Saint of the Day – 18 January – St Margaret of Hungary O.P. (1242-1271) – Virgin & Nun
Margaret was born to Béla IV, king of Hungary, at a moment when the country was threatened by enemies. So the king promised God that if things reversed in his favour he would dedicate his little princess to the religious life. The prayer was answered and Béla put Margaret in the care of the Dominican Sisters at Veszprém. When Margaret was 12, Béla built a convent for her on an island in the Danube near Buda. There the young teenager professed her vows.
A young woman of extraordinary beauty, St. Margaret attracted the attention of suitors even though she was a nun.
Ottokar, the king of Bohemia, was determined to marry her. For political reasons, Béla liked the idea. He asked Margaret to get released from her commitments and marry Ottokar. Béla had not bargained for the steely resistance of his strong-willed daughter. She responded to his request with defiance:
“When I was only 7-years-old, you tried to espouse me to the Polish Duke. You will remember my answer then. I said that I wished to serve Him only to whom you had espoused me at my birth. As a child, I would not yield to your will in opposition to God’s claims on me. Do you think that I am likely to give in to you now that I am older and wiser? And am I more capable of grasping the greatness of the divine grace that has been given me? Then, my Father, stop trying to turn me from my determination to remain a religious. I prefer the heavenly kingdom to that which has been offered me by the King of Bohemia. I would rather die than obey these commands of yours that will bring death to my soul. Mark my words. If matters ever come to such a pass and I am driven to it, I will surely put an end to the whole affair by mutilating myself, so that I shall never again be desirable to any man.”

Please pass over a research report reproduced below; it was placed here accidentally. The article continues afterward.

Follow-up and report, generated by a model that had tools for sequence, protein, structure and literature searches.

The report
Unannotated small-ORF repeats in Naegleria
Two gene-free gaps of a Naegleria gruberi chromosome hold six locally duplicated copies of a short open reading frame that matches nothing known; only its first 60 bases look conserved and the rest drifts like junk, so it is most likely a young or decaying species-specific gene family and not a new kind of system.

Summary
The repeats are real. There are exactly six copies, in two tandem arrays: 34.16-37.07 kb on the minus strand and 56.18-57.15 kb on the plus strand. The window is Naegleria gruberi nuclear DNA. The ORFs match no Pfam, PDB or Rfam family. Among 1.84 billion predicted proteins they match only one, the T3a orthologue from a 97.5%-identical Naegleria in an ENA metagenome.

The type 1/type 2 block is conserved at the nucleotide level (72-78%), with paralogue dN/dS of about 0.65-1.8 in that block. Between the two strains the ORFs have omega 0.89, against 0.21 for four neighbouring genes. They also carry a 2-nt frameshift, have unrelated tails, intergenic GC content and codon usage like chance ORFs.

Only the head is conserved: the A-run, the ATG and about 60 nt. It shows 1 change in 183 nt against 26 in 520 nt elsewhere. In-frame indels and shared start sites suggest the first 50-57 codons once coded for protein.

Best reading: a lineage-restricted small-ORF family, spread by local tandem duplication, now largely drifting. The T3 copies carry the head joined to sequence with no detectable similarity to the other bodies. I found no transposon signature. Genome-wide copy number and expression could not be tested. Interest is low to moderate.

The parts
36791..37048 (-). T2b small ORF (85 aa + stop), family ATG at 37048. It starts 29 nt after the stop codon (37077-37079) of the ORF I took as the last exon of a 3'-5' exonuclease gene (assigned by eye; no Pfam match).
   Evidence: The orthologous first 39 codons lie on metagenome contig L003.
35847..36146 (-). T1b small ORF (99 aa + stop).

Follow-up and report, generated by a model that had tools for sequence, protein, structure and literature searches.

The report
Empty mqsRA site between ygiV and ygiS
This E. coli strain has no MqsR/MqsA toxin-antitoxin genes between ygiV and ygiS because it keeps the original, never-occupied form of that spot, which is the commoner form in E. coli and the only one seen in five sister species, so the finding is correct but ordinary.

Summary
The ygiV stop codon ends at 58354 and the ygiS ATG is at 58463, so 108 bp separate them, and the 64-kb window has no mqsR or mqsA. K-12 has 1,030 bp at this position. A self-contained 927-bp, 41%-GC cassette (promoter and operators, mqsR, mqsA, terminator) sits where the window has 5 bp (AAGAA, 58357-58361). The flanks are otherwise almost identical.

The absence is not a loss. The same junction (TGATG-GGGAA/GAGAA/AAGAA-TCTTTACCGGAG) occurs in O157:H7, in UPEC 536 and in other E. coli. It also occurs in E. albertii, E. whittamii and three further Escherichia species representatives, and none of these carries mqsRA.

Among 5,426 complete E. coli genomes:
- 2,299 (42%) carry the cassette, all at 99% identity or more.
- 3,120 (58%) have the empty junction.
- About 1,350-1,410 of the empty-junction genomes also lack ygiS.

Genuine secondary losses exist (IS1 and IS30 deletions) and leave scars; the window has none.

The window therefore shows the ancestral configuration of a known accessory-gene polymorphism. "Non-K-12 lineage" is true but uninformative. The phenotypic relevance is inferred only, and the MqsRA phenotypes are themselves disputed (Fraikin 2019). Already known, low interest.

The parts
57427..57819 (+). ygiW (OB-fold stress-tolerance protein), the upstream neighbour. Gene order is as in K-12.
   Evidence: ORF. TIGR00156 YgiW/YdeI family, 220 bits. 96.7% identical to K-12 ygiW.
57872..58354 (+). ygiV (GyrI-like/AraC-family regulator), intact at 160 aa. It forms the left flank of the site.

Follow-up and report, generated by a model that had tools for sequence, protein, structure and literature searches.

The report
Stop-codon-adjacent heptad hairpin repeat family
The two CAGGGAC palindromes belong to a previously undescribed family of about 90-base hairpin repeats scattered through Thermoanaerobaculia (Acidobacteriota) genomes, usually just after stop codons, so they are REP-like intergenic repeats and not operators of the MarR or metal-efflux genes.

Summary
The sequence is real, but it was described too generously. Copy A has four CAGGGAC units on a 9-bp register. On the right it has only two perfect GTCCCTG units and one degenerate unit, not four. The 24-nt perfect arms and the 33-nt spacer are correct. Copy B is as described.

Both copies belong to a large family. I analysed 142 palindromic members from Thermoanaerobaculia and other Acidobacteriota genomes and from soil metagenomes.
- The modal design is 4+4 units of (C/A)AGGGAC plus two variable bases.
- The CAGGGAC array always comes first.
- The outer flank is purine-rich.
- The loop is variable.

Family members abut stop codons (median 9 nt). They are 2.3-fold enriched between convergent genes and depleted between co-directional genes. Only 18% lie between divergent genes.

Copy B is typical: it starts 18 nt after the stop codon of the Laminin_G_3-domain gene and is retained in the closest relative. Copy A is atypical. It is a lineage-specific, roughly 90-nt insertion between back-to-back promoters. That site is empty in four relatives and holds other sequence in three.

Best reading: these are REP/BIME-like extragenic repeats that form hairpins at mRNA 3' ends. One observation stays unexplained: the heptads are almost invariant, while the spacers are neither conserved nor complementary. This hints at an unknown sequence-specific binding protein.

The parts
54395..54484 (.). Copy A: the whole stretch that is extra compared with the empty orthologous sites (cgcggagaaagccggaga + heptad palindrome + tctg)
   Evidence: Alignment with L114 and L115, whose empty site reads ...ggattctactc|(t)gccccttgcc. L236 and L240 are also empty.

So Béla backed down. Witnesses say that had he persisted, gritty Margaret would likely have fulfilled her threat. Margaret punished herself with extreme self-abnegation that some observers call “self-crucifixion.” Butler’s Lives of the Saints says that she performed “marvelous” service to the sick, so nauseating that its “details cannot be set out before the fastidious modern reader.” Although she was a princess among nuns, she objected to any special treatment and went out of her way to perform the most menial tasks to help the poor and sick. Since she was a princess and the convent was built for her, no one seems to have been able to temper her excesses. A life of extreme austerity lead to great fatigue and her ultimate death on January 18, 1271.